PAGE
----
Japanese police officers feelings and beliefs about interrogation
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Japanese police officers’ feelings and beliefs about interrogation. Taeko Wachi , Kaeko Yokota, Yusuke Otsuka , Hiroki Kraishi , Kazumi Watanabe, & Michael E. Lamb National Research Institute of Police Science, Japan University of Cambridge.

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Japanese police officers’ feelings and beliefs about interrogation

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Japanese police officers feelings and beliefs about interrogation

Japanese police officers’ feelings and beliefs about interrogation

TaekoWachi, Kaeko Yokota, Yusuke Otsuka, Hiroki Kraishi, Kazumi Watanabe, & Michael E. Lamb

National Research Institute of Police Science, Japan

University of Cambridge


Previous studies in western countries interviewing styles and confessions

Previous studies in Western countries: Interviewing styles and confessions

  • Humanitarian techniques are more likely to lead to confession rather than dominant techniques.

    • Holmberg & Christianson (2002)

      • 83prisoners(murderers and sexual offenders)in Sweden

      • Self-reported questionnaires

    • Kebbell, Alison & Hurren (2008)

      • 43 prisoners (sexual offenders)in Australia

      • Experiments using fictional cases


Interviewing styles and offenders psychological well being

Interviewing styles and offenders’ psychological well-being

  • Holmberg, Christianson & Wexler (2007)

    • ‘Sense of Coherence’ scales were used to examine the offenders’ psychological well-being.

  • Interviewing styles and confessions are related to the offenders’ psychological well-being.

    • Offenders who felt respected during the interview showed higher SOC than those who did not feel respected.

    • Offenders who had admitted their crimes showed higher SOC than deniers.


The purpose of the current study

The purpose of the current study

  • This presentation has two aims:

    • To describe the interviewing techniques used in Japan

    • To investigate the relationship between the following variables;

      • Interviewing styles and confessions

      • The interrogators’ and suspects’ feelings after the interrogation


The characteristics of the japanese legal system

The characteristics of the Japanese legal system

  • A maximum of 23 days from arrest to the institution of prosecution

  • Corroborating evidence is required.

  • Recording police interviews (suspects, victim and witnesses) are not allowed.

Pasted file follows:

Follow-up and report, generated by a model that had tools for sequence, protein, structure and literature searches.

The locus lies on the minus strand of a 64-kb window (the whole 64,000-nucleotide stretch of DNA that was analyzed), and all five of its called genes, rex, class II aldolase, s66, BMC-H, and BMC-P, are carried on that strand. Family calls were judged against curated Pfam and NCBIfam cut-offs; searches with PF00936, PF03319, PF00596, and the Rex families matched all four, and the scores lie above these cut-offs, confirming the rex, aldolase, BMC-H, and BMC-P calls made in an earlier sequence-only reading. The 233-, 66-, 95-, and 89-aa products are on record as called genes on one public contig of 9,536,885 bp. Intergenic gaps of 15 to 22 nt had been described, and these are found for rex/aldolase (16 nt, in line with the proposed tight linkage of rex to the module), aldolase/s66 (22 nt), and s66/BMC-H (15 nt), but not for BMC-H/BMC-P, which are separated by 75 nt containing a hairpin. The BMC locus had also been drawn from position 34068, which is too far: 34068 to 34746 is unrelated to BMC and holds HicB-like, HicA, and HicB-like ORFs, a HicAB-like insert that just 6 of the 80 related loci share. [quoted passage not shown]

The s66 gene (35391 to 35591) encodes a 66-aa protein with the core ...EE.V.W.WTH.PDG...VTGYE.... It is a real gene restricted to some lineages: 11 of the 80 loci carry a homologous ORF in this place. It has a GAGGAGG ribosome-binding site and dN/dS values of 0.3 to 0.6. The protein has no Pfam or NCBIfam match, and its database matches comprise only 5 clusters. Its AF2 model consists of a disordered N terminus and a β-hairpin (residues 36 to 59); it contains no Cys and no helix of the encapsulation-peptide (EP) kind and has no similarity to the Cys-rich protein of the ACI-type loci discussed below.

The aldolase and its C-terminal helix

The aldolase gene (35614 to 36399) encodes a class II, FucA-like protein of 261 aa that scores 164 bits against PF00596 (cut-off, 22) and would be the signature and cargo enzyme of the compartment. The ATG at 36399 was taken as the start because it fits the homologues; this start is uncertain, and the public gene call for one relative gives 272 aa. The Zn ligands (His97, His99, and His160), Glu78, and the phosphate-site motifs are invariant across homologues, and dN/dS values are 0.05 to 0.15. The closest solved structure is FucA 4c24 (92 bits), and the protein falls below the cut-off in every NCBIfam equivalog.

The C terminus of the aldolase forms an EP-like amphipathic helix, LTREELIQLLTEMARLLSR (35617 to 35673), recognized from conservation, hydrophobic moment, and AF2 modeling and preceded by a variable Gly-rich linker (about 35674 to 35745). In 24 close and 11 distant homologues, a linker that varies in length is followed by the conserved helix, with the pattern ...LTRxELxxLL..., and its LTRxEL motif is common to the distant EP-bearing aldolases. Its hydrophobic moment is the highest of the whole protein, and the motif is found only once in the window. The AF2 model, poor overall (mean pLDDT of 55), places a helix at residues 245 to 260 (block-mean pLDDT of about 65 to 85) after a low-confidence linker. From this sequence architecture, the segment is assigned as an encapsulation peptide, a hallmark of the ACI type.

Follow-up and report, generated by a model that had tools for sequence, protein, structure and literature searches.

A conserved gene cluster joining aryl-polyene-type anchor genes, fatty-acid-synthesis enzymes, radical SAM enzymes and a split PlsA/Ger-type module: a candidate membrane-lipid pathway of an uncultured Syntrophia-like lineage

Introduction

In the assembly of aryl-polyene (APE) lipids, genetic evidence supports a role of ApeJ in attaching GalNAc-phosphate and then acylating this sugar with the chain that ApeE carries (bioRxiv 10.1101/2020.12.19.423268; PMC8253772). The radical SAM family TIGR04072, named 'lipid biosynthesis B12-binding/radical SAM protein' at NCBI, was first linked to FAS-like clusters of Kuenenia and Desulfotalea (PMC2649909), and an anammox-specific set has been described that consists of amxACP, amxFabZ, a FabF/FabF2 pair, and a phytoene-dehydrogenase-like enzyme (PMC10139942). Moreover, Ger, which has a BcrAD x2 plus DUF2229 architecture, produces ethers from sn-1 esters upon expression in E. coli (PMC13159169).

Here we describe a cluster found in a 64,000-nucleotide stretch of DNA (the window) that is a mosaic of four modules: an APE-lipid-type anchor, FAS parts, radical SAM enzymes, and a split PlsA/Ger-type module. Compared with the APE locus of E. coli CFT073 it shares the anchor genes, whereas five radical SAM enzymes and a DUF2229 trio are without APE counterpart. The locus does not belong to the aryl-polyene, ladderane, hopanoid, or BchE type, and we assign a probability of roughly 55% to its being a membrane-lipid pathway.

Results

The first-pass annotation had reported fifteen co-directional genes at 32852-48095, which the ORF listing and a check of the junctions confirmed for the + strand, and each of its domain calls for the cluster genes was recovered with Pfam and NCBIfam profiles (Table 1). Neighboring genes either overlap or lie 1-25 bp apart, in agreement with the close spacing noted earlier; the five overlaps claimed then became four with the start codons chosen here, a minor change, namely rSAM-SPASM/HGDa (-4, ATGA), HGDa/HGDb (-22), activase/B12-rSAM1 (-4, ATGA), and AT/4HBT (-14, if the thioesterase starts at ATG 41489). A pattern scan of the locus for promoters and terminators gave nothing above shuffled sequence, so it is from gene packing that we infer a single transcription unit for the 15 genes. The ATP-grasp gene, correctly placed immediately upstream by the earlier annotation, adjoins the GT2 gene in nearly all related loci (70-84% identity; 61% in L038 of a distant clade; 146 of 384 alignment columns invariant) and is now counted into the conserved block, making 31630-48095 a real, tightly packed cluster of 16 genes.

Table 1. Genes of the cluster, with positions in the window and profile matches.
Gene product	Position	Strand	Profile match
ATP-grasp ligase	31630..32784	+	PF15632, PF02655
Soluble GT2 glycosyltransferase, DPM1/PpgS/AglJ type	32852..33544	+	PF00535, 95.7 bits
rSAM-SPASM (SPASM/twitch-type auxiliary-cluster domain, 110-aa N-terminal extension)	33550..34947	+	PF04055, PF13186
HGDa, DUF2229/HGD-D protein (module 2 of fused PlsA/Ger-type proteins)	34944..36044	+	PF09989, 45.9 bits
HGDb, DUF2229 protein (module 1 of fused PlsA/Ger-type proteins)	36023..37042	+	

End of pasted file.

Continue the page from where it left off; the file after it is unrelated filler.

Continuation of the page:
• Recording the parts of interviews by prosecutors has been introduced.


Methods participants

Methods: Participants

  • Police officers who interviewed suspects between January and September 2008

  • The characteristics of the suspects

    • Adults

    • Those who had committed murder, robbery, arson,rape, kidnapping or forced indecency

    • Those who had initiallydenied and then confessed (either partially or fully)

    • Those who were not mentally retarded or mentally ill.


Methods participants1

Methods: Participants

  • 276 police officers across Japan

    • Gender: Male 271, female 5

    • Age: M=40.5 (SD=8.7),median38.5

    • Years of investigative experience:

      M=11.2(SD=8.2)

    • Rank: Constables 27, Sergeants 132,

      Inspectors 115, Chief inspectors 2


Methods material and procedure

Methods: Material and Procedure

  • Self-reported questionnaireswere administered:

    • Interviewing techniques

    • Confession types (partial or full)

    • Investigators’ feeling after the interrogation

    • (Perceived) Suspects’ feelings after the interrogation


Methods analysis

Methods: Analysis

  • Interviewing styles

    • Factor analysis(MLmethod, promaxrotation) for interviewing techniques

    • Anon-hierarchical cluster analysis (K-means)for classifying the interviewing styles

  • Interviewing styles and feelings

    • 2 × 4 ANOVAs (full or partial confession ×four types of interview styles) were conducted to examine the relationships between the interviewing styles and feelings of police officers / suspects


Results interviewing styles

Results: Interviewing styles

  • Fivefactors were obtained.

    • Presentation of evidence

    • Confrontation

    • Active listening

    • Rapport building

    • Discussion of crime


Results examples of items

Results: Examples of items

  • Presentation of Evidence : 4 items

    • Implying that there was evidence of guilt

    • Confronting the suspect with actual evidence

  • Confrontation: 5 items

    • Expressing impatience and anger towards the suspect

    • Raising your voice during the interrogation


Results examples of items1

Results: Examples of items